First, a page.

The Grove (1214 Dundas Street West) is now open. Chef Ben Heaton is offering a menu of contemporary (and very pretty) English cuisine.
BBQ joint Stack will open on March 27th at 3265 Yonge Street.
Did anyone actually think that The Saint (227 Ossington Avenue) would ever really open? Three years after local magazines and websites were writing previews about the decor and the menu (jumped the gun a little there, huh, folks?) it appears that the place will indeed open on April 9th.
Church Street icon Reither’s Fine Food International (530 Church Street) has closed its doors – owner Peter Reither has retired.
You’ll laugh your butt off at this, then feel guilty for doing so. And when it comes to selling fast food chicken, it’s a bit of a stretch. But who doesn’t enjoy the occasional playful dictator? [Daily Mail]
Old salty – people get freaking out about consuming too much salt, but too little can be just as bad. [Globe and Mail]
This is interesting – it looks as if the US is getting set to allow the slaughter of horses for meat. Which means fewer horses being shipped across the border to Canada for slaughter here. [Chicago Tribune]
You know, part of me really believes that the “drunken office Christmas party” really only exists on TV. I’ve never been to one, and I’ve never known anyone who has been to one. Most workplaces do some kind of demure no-booze luncheon and then send everybody back to work. [Grub Street]
Regularly, I go to bars and yell at servers about what constitutes a martini (hint – it ain’t blue!), but referring to the “martini list” as “the children’s menu” is a stroke of snark so brilliant, I bow down to its greatness. [National Post: The Appetizer]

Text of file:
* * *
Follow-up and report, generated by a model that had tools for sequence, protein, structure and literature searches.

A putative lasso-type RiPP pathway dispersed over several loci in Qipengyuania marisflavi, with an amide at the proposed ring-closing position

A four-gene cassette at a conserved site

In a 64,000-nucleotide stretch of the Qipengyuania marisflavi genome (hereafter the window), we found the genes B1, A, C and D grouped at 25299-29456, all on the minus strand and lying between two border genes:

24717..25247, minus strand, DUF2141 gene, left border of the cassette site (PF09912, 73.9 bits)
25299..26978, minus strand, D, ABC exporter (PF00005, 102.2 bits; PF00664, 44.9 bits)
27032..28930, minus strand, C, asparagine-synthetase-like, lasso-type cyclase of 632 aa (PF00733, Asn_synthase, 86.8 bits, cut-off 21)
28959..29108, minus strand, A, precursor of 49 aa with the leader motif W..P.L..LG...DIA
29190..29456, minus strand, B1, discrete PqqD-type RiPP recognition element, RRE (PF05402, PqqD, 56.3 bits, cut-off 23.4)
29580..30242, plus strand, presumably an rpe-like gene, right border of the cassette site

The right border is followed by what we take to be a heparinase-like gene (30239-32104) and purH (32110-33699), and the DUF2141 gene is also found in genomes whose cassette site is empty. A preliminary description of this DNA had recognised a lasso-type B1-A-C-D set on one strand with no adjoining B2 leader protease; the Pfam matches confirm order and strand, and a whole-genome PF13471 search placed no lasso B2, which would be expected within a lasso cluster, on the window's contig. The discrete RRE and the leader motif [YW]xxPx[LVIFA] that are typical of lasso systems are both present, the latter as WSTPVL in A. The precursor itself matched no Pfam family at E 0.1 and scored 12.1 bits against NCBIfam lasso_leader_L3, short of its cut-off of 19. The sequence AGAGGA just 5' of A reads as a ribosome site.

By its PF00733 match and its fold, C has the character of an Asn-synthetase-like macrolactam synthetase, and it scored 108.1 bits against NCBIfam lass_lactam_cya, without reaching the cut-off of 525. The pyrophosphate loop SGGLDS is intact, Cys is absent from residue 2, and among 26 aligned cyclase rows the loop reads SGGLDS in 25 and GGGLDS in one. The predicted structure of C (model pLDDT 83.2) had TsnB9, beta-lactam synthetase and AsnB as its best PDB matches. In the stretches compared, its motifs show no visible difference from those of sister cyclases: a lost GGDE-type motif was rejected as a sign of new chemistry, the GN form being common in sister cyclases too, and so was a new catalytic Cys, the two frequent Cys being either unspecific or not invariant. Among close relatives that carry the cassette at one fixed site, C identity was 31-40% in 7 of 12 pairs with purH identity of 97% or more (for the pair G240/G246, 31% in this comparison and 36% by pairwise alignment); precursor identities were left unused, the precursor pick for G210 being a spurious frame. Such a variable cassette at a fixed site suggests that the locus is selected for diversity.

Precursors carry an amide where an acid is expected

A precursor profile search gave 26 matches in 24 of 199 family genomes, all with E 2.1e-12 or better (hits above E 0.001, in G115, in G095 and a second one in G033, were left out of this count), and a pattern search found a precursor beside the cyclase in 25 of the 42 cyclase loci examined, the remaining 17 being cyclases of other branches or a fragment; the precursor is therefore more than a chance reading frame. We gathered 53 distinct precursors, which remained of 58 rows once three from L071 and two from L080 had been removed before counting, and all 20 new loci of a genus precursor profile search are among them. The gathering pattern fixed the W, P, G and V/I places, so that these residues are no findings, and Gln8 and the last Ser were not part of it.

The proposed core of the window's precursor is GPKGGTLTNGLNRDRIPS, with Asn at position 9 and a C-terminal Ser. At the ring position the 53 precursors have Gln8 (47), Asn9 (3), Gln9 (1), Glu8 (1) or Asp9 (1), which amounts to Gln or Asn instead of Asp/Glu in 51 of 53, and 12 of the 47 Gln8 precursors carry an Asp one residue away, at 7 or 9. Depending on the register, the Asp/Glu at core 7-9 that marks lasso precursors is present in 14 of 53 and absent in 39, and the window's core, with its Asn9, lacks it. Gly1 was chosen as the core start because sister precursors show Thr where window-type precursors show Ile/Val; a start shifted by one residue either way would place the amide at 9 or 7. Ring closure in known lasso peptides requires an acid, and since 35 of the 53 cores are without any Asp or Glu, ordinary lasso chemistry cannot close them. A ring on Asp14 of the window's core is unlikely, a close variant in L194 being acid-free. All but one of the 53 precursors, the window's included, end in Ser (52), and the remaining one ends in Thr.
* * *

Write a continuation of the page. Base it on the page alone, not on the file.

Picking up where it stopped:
Food Fight – The Inside Story of the Food Industry, America’s Obesity Crisis and What We Can Do About It by Dr. Kelly Brownell and Katherine Battle Horgen
The number one rule to remember when reading studies, works of non-fiction, even the news, is that everyone approaches a piece with a bias. When it comes to nutrition studies, the bias often reflects who is paying for the study; in the news, whether the network or paper has a right or left-wing slant. In non-fiction, it comes down to why you’re writing the book and the point you want to get across.
Thus, no matter how much I want to like a book, and to take it seriously, I have to account for the fact that Food Fight was written in part by the Director of the Yale Centre for Eating and Weight Disorders.
This isn’t necessarily a bad thing – certainly Dr. Kelly Brownell is going to know more about the surging obesity epidemic than the average person. But his bias against the evils of obesity shows up early on, and I can’t help but begin to be skeptical.
It’s been quiet in these parts, and the food has been unexciting. Too much stuff out of packages and too much stuff out of take-out containers. There’s two more weeks of this to go, and I swear, once we get moved and settled, I never want to see another frozen pizza again.
I mean, it’s not as if we’re moving far – a whole five blocks east. But it’s still easier to weed down your kitchen cupboards and buy new, rather than moving all your groceries, particularly perishables. So we’re trying to use up and clear out, which means no trips to Whole Foods, or the markets (Kensington and St. Lawrence), or swank and lovely Pusateri’s.
Instead, we eat the crap. Salads out of tubs, the ubiquitous frozen pizzas, store-bought frozen vegetarian lasagna, and many things from soy made to resemble parts of dead critters. The plan is to eat the crap for now, and once we’re in the new place, unpacked, and have had time to hit all the grocery places for fresh grub, to do a two-week detox to clear all the gunk out of our systems.